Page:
Fiji leaders outline next step in constitution process | Pacific Beat

Fiji leaders outline next step in constitution process

Fiji leaders outline next step in constitution process

Updated 11 January 2013, 11:37 AEST

Fiji's Interim leaders have given a joint televised address to the nation, in which they've promised to release the country's new constitution at the end of the month.

Last month police seized draft copies prepared by the country's Constitution Commission were seized by police, despite widespread calls that they be put out for public consultation. interim Prime Minister Commodore Frank Bainimarama and President Ratu Epeli Nailatikau have said a new version will be released at the end of the month, and it will speak to Fiji's current social and governmental needs.

Presenter: James Oaten

Ratu Epeli Nailatikau, Fiji President

OATEN: President Ratu Epeli Nailatikau says inter-racial conflict has divided Fiji in the past, causing misery and economic hardship. But he said the nation is now on a path of growth, with a steady increase in job opportunities and infrastructure. He says any new government must continue this policy as it's number one priority.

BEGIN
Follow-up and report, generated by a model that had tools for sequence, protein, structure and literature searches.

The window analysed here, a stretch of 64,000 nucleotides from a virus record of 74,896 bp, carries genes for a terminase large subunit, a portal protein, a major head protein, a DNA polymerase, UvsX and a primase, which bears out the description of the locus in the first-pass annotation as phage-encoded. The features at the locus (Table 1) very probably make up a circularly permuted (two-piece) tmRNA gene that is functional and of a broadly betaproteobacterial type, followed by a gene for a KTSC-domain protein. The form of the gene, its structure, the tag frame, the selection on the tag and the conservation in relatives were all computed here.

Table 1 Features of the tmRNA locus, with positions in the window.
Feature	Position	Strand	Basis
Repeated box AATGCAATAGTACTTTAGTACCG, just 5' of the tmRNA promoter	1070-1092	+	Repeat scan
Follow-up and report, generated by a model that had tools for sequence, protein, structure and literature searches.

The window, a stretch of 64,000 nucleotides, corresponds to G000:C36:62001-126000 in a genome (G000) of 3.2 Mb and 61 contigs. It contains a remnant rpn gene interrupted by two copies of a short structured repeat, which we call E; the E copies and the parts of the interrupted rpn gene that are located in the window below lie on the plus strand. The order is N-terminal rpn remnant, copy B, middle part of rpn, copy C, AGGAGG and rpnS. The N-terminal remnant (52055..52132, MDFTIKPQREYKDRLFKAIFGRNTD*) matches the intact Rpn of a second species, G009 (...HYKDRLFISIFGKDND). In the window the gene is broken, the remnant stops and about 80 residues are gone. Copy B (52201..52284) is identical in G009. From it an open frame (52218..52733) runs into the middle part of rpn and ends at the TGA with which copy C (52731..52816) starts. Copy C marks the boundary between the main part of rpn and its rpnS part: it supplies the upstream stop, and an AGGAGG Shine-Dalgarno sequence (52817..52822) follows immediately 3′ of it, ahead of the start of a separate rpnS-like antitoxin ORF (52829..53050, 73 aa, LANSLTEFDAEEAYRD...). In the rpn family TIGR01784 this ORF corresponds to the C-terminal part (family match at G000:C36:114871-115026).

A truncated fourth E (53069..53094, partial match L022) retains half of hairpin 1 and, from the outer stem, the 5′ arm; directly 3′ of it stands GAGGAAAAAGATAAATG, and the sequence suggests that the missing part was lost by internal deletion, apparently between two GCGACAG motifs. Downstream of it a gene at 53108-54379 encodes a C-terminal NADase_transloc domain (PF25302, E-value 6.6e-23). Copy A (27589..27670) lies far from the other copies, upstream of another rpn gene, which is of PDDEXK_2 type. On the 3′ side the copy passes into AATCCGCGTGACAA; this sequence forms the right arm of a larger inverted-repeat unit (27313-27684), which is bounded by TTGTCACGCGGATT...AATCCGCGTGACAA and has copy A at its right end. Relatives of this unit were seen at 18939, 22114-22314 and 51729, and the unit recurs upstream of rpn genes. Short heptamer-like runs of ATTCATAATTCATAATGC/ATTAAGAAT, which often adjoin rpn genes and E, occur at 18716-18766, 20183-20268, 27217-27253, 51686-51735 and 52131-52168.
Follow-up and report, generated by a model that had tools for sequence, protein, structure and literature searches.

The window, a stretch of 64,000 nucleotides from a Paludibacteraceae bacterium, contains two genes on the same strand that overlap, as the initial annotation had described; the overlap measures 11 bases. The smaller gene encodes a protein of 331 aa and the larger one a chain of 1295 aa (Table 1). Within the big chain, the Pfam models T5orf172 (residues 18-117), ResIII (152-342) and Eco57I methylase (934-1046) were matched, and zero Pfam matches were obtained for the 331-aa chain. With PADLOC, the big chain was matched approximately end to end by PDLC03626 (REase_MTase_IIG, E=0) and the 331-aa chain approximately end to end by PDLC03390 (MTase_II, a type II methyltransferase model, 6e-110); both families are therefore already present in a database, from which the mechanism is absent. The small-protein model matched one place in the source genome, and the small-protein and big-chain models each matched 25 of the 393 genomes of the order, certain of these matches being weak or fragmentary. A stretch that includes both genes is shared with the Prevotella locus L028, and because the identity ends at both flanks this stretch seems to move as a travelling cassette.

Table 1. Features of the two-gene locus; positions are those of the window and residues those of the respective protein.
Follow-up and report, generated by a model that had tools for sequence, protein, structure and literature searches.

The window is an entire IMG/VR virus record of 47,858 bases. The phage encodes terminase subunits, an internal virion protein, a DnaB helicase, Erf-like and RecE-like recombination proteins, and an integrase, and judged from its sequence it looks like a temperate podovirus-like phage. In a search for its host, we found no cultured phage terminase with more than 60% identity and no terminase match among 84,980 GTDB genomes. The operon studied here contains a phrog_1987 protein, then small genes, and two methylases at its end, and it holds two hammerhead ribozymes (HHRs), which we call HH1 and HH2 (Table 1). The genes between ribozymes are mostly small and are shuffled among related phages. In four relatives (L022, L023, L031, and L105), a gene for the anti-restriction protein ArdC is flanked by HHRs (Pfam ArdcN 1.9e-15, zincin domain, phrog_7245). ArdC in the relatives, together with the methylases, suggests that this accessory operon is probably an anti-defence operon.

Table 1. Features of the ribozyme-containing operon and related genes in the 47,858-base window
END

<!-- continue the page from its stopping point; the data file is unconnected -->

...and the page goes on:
NAILATIKAU: It is also critical that the Constitution that we adopt must have the fundamental principles of democracy, good governance, accountability, human rights and transparency. We need a small non-corrupt, but efficient and responsive government that is accountable.

OATEN: The government had tasked Professor Yash Ghai in his capacity as Chair of the Constitution Commission to draft a new Constitution for Fiji. The police seized all the copies of the draft from the printers last month. However, the document had already been leaked online, recommending a 71 seat Parliament, no Senate, and restricting the Prime Minister to two terms. Interim prime minister, Frank Bainimarama, says the new draft will now be released at the end of January with a view to finalising it by March, after community consultations. But it's expected to differ considerably from Professor Ghai's version, which was criticised by both Commodore Bainimarama and President Nailatikau.

NAILATIKUA: We as a country, must breakaway from the shackles of the past or any reminense of them. Unfortunately, many of the provisions of the Ghai draft positions us in the past. It has unfortunately, perhaps, succombed to the whims of the few who have had an interest in perpetuating divisions within our society.

OATEN: President Nailatikau says Professor Ghai's recommendations were overly bureaucratic and would undo good work of the past.

NAILATIKAU: The Ghai draft can led to financial and economic catastrophe and ruin. The Ghai draft also proposes a transitional Cabinet following the issuance of a writ for elections which will allow former senior civil servants to become ministers of Cabinet. How is this possible, when some of the former senior civil servants were corrupt and possible criminal charges are pending against it.

OATEN: The government will advertise for companies to bid to produce election material. It will also set new standards for political parties on Tuesday.

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